Grant awarded for development of therapy for Sanfilippo disease

LOS ANGELES – The National Institute of Neurological Disorders and Stroke recently awarded a grant to Phoenix Nest Inc. to partner with the Los Angeles Biomedical Research Institute (LA BioMed) to investigate the development of a therapy for treating a devastating inherited disorder, Sanfilippo disease.

Also known as mucopolysaccharidosis type III (MPS III), the disorder is generally diagnosed in childhood and can lead to premature death. There is currently no cure or treatment for any of the four sub-types of Sanfilippo disease. Children with MPS III lack a vital enzyme that is needed to break down long chains of sugars, known as mucopolysaccharides, leading these to accumulate in the cells. The accumulations cause progressive neurological problems, including hearing loss, speech difficulties and sleep disruptions.

“We are pleased to be partnering with Phoenix Nest in this important research to help children living with MPS III who have not been able to benefit from the enzyme replacement therapy already developed for similar disorders,” said Patti I. Dickson, MD, LA BioMed lead researcher and director of the institute’s MPS Research Laboratory.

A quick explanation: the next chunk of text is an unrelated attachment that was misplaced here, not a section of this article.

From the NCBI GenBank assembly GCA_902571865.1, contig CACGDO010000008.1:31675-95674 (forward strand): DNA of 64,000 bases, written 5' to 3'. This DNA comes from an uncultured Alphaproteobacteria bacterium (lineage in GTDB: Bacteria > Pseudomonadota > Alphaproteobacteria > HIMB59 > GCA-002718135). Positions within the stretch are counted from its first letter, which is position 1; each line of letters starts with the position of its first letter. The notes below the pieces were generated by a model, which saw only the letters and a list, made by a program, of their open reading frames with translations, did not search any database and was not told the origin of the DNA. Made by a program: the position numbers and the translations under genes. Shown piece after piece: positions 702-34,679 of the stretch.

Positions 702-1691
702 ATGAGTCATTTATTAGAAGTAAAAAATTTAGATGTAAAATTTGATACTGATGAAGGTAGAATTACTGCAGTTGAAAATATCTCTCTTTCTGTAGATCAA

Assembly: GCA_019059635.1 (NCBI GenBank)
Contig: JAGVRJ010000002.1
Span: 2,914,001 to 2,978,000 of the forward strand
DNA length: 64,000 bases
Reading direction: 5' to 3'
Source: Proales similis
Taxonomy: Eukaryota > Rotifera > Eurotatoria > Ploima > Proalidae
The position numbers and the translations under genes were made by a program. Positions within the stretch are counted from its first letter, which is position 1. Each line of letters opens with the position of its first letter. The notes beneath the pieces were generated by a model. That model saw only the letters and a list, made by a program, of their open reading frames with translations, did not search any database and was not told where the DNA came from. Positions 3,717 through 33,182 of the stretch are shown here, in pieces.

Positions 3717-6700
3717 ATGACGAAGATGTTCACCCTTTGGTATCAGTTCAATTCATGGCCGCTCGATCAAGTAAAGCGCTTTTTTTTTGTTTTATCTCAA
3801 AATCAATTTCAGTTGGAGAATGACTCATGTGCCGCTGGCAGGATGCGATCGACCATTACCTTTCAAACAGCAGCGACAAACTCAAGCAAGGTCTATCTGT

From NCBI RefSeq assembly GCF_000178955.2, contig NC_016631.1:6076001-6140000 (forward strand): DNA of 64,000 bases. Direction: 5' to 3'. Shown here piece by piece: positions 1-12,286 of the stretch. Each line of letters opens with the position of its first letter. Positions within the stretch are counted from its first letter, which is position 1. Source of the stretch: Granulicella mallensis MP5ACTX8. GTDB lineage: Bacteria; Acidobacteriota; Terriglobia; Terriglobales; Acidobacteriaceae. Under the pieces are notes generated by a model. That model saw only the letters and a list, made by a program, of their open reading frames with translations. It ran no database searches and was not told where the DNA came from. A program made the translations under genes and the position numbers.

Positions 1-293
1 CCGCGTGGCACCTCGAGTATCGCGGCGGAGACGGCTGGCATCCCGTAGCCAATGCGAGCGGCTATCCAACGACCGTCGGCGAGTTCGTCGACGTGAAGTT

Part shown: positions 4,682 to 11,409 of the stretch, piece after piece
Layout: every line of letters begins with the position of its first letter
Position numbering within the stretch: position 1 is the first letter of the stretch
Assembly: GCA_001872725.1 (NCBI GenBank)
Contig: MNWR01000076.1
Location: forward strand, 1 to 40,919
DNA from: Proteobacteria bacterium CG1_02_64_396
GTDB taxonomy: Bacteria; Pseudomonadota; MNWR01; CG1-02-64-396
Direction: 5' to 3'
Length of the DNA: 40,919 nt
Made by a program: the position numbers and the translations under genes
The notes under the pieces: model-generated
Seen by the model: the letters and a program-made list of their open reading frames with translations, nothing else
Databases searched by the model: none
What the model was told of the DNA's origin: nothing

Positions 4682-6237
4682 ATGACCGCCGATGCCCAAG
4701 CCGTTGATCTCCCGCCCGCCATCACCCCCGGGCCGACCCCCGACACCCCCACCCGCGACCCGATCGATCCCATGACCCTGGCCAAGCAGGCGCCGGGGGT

“Our long-term objective is to produce an effective enzyme therapy for MPS III as rapidly and efficiently as possible.”

The $223,102 grant will be used to develop a therapy that will limit or reverse the neurological damage caused by MPS III. The research will seek to replace the missing enzyme by delivering recombinant human alpha-N-acetylglucosamine-6-sulfatase (rhGNS) into the spinal fluid (intrathecally) to effectively treat the underlying causes of the neurologic symptoms of MPS III.

Dr. Dickson has specific expertise in the development of intrathecal enzyme replacement therapies and will supervise a postdoctoral researcher, funded by Phoenix Nest, who will determine whether rhGNS has properties favorable for a recombinant enzyme therapy.

“Our focus at Phoenix Nest is to develop treatments for the rare diseases Sanfilippo syndrome IIIC and IIID,” said Dr. Sean Ekins, Phoenix Nest chief executive officer. “These terrible illnesses cause enormous suffering for the affected children and their families. We are excited to be collaborating with Dr. Dickson and LA BioMed on this project to develop a potential treatment.”